We also allow students to borrow our library books and play through a couple of pieces before we buy them a fresh copy- that way, you can make sure you like it before investing in the book. Its super easy for us keep track of the books we lend in My Music Staff, so we want to encourage our students and families to explore all of our available resources. If you or your child want to explore a certain piece or genre, just let us know and we can bring some options from our library to the next lesson. Also, if you are unsure of what to do with your child’s previous books, ask your teacher! We love to take them back and use them as reference copies! It’s a great way of recycling and “sharing” the music we all love!
Cancellation policies are one of the most controversial conversations among private music teachers. If you look at the cancellation policies of various studios, you will find some teachers never allow make-ups, some do monthly group lessons, and others always offer make-up lessons. We like to be somewhere in between- it all depends on the circumstances. As a busy mom of two, I understand the craziness of parenthood, but I also know that I do not always have time to make-up every missed lesson, especially if I travel to a student’s home. Our policy allows us to set boundaries yet be flexible at the same time.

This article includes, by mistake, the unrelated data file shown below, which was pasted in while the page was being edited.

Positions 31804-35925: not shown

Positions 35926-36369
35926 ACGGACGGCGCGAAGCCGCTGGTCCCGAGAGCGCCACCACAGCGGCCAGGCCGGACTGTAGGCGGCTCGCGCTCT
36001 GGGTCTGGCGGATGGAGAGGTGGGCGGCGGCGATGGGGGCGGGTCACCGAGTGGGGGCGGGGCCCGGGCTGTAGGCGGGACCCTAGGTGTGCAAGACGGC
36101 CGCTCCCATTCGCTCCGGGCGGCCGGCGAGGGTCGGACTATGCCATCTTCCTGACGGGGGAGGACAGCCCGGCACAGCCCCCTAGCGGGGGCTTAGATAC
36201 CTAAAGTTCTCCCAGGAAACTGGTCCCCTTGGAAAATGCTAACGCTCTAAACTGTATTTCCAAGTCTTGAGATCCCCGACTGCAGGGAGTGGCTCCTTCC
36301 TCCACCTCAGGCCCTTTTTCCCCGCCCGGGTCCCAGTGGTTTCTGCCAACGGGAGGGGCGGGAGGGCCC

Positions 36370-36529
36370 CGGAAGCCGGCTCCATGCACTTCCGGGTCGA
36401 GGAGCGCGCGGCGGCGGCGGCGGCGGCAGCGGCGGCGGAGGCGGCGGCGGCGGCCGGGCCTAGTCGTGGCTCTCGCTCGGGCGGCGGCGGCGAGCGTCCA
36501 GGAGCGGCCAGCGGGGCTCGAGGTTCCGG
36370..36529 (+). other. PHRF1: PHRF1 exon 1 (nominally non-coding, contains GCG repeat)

Our policy reads as follows:
Lesson times are permanent for the year and scheduled at a mutually convenient time for the student and teacher. Regular attendance is expected and necessary for progress.
Ultimately, makeup lessons are solely up to the the teacher’s discretion, based on their teaching schedule. Lessons missed by the teacher or due to a school closing will be made up. Refunds are not given for missed lessons.